Originally Published: May 8, 2014

1. Miami Turns Back The Clock For Game 2

By Michael Wallace | ESPN.com

MIAMI -- Ninety minutes before Thursday's game, images of Larry Johnson, Patrick Ewing and Allan Houston were flashing across the large-screen television in the middle of the Miami Heat's locker room.

Typically, this is the time when the Heat have scouting film of that particular night's opponents running on a loop on this particular screen. During the regular season, there would have been footage of the Brooklyn Nets' previous game or video cut outs of play sets to look out for during the upcoming game.

But, as veteran guard James Jones said before Game 2, the Heat know these Nets.

What the Heat needed to remain aware of is the focus, physical play and relentless fight required to put away an opponent this time of the year. So for the past couple of weeks, Miami's players have been getting taped, dressed and prepared for games while watching some of the most brutal playoff series the 1980s and '90s could offer, from the Pistons-Celtics classics to the Heat-Knicks clashes.

"At this point, it's about seeing the kind of intensity those guys played with every single possession," Jones said as he nodded toward the screen just as Johnson and Alonzo Mourning had gotten entangled while pursuing a rebound. "It's about mental toughness and effort. We watch these games all the time once the playoffs get here, and it reminds of what to expect every time we go on the court right now."

Jones didn't play one second during the Heat's 94-82 victory on Thursday to take a 2-0 series lead against the Nets as the series shifts to Brooklyn for the next two games. But Jones did have a prime view from the bench for the defining sequence of the game, when the Heat essentially put the Nets away with the same level of ferocious effort and intensity playing in the locker room.

LeBron James
Issac Baldizon/NBAE/Getty ImagesLeBron James scored a modest 22 points as Miami grabbed a 2-0 series lead on Brooklyn.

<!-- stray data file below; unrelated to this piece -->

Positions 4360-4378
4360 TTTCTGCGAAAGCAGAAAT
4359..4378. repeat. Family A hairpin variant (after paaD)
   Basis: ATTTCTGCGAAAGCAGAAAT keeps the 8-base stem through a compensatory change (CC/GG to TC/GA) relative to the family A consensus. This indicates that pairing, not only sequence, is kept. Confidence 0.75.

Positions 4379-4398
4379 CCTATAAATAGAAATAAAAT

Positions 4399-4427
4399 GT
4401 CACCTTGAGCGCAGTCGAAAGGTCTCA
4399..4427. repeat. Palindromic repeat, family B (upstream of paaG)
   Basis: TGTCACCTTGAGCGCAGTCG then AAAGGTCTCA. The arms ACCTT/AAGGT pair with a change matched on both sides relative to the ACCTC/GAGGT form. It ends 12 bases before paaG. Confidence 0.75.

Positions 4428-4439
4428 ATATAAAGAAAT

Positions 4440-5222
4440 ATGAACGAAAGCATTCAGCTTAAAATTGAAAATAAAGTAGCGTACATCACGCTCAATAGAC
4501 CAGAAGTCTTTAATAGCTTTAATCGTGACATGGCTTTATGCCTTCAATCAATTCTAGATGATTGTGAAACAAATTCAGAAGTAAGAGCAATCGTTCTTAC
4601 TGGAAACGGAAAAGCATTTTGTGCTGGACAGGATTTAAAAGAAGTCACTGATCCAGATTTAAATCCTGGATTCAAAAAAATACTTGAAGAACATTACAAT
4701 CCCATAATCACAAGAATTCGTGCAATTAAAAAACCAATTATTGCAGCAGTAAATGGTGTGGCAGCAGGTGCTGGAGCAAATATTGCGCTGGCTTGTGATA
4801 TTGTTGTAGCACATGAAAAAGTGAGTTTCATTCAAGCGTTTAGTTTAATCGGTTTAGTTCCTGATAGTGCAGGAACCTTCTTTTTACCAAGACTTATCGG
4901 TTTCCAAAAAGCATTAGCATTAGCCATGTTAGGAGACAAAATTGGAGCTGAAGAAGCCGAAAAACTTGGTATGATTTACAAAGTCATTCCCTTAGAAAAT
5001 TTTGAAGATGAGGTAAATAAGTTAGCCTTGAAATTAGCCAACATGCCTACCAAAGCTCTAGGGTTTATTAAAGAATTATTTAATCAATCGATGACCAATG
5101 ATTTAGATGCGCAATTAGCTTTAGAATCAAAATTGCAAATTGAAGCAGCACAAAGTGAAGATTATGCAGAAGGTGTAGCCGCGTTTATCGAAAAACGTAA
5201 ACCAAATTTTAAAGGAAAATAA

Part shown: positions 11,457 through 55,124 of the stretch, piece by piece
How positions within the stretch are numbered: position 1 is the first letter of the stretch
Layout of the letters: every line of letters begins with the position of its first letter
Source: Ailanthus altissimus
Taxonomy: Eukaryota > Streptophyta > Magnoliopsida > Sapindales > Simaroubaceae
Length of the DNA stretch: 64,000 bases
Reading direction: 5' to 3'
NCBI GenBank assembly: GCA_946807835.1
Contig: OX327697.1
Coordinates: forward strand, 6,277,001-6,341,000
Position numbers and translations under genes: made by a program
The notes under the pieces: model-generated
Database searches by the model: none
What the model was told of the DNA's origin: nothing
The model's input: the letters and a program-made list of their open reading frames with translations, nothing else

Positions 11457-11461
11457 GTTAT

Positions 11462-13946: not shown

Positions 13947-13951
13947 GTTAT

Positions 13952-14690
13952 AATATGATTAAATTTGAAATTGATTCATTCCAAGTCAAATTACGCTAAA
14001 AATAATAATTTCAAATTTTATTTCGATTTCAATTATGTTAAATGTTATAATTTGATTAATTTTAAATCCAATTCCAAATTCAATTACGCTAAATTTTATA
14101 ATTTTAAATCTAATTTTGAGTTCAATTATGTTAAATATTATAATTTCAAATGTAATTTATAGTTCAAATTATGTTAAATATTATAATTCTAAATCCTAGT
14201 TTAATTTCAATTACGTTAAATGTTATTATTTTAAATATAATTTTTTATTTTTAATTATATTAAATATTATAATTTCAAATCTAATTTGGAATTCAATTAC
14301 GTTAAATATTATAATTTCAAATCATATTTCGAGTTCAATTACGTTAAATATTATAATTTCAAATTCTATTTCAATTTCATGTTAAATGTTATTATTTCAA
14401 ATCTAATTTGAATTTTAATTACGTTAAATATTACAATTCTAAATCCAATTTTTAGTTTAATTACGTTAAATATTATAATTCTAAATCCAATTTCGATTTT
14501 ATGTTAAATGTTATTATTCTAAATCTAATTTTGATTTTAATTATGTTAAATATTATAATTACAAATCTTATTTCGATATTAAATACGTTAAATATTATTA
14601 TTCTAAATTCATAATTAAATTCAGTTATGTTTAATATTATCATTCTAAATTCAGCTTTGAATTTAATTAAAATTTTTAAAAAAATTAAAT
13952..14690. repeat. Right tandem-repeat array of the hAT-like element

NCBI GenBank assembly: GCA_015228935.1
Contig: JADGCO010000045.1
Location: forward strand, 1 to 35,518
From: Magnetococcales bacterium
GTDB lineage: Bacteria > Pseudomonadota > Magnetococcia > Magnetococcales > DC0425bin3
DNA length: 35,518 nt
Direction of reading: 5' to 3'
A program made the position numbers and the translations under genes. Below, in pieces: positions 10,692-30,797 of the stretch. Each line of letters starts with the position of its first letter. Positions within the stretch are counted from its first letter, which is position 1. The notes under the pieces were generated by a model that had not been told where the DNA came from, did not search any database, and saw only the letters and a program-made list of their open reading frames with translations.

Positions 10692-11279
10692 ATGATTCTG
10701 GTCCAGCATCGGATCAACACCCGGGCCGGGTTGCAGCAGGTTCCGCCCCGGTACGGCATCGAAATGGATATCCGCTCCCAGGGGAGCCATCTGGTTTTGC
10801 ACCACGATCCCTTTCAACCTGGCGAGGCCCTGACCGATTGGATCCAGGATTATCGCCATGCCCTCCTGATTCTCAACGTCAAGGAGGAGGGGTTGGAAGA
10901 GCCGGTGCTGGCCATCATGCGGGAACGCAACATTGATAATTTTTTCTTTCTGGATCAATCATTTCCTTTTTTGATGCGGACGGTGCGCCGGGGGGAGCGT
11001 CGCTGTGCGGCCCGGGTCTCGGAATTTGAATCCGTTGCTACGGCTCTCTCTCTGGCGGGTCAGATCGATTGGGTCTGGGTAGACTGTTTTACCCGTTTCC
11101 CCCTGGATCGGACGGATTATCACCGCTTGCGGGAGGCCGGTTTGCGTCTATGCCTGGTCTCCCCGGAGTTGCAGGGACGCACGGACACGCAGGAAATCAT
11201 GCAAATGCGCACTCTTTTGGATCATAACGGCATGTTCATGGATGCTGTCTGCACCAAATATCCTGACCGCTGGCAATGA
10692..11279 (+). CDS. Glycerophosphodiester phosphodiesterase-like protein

The Heat, one of the worst rebounding teams in the league, extended a possession late in the fourth quarter by snagging three offensive rebounds before LeBron James' layup with 1:59 left put Miami ahead by double figures. The possession lasted 100 seconds and was a microcosm of the Heat's playoffs so far.

They're leaving nothing to chance, and simply won't be denied.

After stumbling down the stretch and losing 14 of their final 25 regular-season games, the Heat have been flawless in the playoffs. After sweeping the Charlotte Bobcats in the first round and holding serve through its first two home games against the Nets, Miami improved to 6-0 in the postseason, with five of those victories coming by a double-digit margin.

The Heat have tied a franchise record with an eight-game postseason win streak that dates to Games 6 and 7 of last year's NBA Finals victory against San Antonio to secure their second consecutive championship. Miami overwhelmed its opponent with a balanced attack that saw five players score in double figures for a third consecutive playoff game. James matched his Game 1 production with another 22-point effort in Game 2, which also included another huge boost -- 13 points and a team-high eight rebounds -- off the bench from Ray Allen.

"It was a very frustrating regular season, and it was hard to get that team chemistry and camaraderie on the floor," said James, trying to turn the page on an injury-ravaged regular season in which the Heat finished with their lowest winning percentage since he arrived.